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Alannah Hopkin, Treasured Island [interview-article], on mystery-writer Julie Parson [and] her love affair with Sherkin, in Irish Times, Magazine (10 May 2003), pp.16-17: We dont have a television here either. Im a terrible tellevision addict at home. But part of being here is being outside, especially in the summer. Because its so beatiful you keep on wanting to open the door, and step outside and look. Even at night0time, the stars are so incvredible, sometimes we sit out and watch shooting stars. Maybe as time passes, we will spend more time down here. It really is another world. (End.)
Shirley Kelly, interview with Julie Parsons, in Books Ireland (Summer 2003): Parsons has just issued The Guilty Heart (Macmillan), the story of an eight-year-old boy who disappears while his mother is at work, his father is in bed with a neighbour and his minder is on an ecstasy trip with her boyfriend, involving issues of paedophilia; quotes: I didnt set out to write about paedophilia [ ] It wasnt really in the headlines when I started out, but it did suggest itself as he most likely explanation for a childs disappearance. It was the disappearance itself that interested me initially, and what that might lead to; her parents emigrated to New Zealand in 1947; father died at sea in a mysterious circumstances with 24 others when he travelled as a doctor to the Tokelau Islands to visit man with a gangrenous hand; boat found abandoned with its life-rafts missing but no survivors; officially presumed dead after seven years; family return to Dublin in 1963; unbelievably traumatic; a younger brother contracted glandular fever and spent a year hospital; an older brother was diagnosed with a congenital back problem requiring bone graft from his hip; avid reader in childhood; studied sociology at UCD; It didnt take me long to figure out that the social workers were all middle class and their clients were all working class and I wasnt comfortable with that at all; worked as artists model in New Orleans; took MA in sociology of music, UCD; joined RTÉ as radio producer in 1985; worked on Gay Byrne morning radio show; wrote account of her family tragedy for Sunday Miscellany in 1993; joined writers group with Alison Dye, Joan ONeill and Sheila Barrett; gives account of first novel and publication: Then it occurred to me that writing my family history was a very obvious thing to do and anyway, Im not keen on the shop your family school of writing. I had always enjoyed reading thrillers, I was a big fan of Ruth Rendell and I thought Id like to be able to write a book like that. The idea for my first novel, Mary, Mary, came to me on the DART one day as I was going to work in RTÉ. That day we were following a group of workers around the country pushing a giant Superquinn sausage, and I thought There must be more to life than this. So I sat down, wrote a synopsis and showed it to my husband and a friend. They thought it was very good, so I wrote the first three chapters and sent them off with the synopsis to Treasa Coady at Townhouse. Id met Treasa through my radio and TV work and I thought Townhouse were doing a good job with Deirdre Purcell. Treasa got my submission on a Friday and the following Monday she rang me and offered me a contract. Rights sold on to Macmillan with contract for two further books; four best-sellers in 14 countries.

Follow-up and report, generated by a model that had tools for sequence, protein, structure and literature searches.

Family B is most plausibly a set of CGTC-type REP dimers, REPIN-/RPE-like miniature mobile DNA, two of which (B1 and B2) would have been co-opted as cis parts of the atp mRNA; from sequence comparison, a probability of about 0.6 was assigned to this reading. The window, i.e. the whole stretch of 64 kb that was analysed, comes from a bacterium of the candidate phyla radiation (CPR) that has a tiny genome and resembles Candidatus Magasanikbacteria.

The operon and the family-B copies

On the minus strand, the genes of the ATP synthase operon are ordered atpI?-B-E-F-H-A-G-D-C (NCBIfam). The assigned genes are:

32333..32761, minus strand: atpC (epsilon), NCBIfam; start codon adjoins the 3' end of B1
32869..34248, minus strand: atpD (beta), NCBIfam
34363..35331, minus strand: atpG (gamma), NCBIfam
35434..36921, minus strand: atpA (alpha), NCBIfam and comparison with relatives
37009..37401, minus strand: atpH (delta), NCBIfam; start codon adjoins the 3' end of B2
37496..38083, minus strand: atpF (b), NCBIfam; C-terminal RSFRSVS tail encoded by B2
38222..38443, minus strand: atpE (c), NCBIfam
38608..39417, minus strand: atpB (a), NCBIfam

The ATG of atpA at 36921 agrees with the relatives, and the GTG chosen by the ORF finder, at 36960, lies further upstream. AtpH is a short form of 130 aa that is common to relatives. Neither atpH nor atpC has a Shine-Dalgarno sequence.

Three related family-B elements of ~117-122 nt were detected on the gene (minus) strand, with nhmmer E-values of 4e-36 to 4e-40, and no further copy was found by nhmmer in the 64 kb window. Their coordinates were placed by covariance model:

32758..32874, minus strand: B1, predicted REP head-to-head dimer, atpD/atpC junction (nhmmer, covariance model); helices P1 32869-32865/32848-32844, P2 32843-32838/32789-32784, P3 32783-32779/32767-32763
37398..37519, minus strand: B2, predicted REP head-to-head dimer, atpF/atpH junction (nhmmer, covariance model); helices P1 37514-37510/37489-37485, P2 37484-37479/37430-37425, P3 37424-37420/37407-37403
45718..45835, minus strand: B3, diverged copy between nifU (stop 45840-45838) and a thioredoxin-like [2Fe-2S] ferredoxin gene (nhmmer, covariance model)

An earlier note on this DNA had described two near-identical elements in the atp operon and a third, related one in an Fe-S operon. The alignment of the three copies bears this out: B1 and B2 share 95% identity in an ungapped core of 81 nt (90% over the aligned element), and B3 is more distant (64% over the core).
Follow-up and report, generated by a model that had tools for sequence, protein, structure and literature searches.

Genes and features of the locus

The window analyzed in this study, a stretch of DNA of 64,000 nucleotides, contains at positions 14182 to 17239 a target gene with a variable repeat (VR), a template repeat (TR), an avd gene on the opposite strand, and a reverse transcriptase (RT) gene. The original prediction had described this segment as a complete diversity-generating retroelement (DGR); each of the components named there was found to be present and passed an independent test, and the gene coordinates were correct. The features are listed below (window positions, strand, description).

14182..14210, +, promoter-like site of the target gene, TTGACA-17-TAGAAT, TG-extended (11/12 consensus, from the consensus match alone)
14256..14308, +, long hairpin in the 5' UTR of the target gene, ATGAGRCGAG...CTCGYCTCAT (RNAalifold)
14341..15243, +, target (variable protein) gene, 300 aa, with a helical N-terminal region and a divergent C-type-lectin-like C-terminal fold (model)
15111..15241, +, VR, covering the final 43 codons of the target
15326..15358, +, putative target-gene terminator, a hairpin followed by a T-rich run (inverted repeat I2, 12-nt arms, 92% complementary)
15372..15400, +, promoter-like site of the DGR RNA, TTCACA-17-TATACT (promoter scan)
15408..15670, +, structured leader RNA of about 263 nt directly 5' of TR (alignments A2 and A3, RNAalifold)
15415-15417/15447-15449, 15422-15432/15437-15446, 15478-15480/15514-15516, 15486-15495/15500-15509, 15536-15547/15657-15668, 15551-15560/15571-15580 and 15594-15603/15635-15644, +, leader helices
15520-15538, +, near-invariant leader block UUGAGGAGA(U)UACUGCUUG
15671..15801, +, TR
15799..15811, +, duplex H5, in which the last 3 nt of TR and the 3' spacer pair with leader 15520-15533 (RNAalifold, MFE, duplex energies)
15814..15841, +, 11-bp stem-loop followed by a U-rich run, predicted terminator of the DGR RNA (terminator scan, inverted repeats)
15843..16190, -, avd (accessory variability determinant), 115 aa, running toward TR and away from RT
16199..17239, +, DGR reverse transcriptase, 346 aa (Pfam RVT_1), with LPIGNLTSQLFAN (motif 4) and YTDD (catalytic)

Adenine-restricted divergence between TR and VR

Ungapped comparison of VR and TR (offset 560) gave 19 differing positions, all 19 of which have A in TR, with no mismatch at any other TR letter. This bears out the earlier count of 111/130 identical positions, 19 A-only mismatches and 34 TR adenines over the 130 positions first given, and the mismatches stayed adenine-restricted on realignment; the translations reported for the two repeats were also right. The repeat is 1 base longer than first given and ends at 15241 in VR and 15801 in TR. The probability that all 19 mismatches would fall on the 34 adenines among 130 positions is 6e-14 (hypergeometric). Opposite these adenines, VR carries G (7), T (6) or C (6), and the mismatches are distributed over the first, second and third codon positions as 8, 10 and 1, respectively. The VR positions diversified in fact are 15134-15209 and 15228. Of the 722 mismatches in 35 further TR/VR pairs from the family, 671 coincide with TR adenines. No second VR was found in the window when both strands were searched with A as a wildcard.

Bernice Harrison, Bad Deeds in Baltimore, review of The Hourglass, in The Irish Times (31 Dec. 2005), Weekend: […] The answer to one of the supposed mysteries at the centre of the story - who is the father of a child - is so obvious from the minute it is mentioned that you have to suspect that Parsons intends the reader to dig deep into the psychology of the characters instead of wasting too much time putting two and two together. Instead the story unfolds at its own pace and theres an inexorable sense, reflected perhaps in The Hourglass of the title, that the badness must flow through right to the end, at which point it will simply stop. / Adam is the disturbing central character, and from the moment he appears, he makes the malevolent reason for his presence quite clear. Recently released from prison, the suave, handsome Englishman is in west Cork on a revenge mission for his cellmate and lover. The man, Colm Ó Laoire, believes that all his misfortunes, including his current predicament as a lifer in a British jail, stem from his treatment at the hands of Lydia Beauchamp, owner of Trawbawn, more than 20 years before. Adam is his psychopathic avenger. By the end of the novel the young Englishman has left a trail of dead bodies and raped women. The violence in The Hourglass, particularly the sexual violence, is explicit and disturbing. […] In Parsonss previous novels, particularly Mary Mary and Eager to Please, the plots were more subtly layered. Here, what linger are the violent actions of the psychopathic Adam and the subtle atmosphere of threat the writer so deftly creates. [End]
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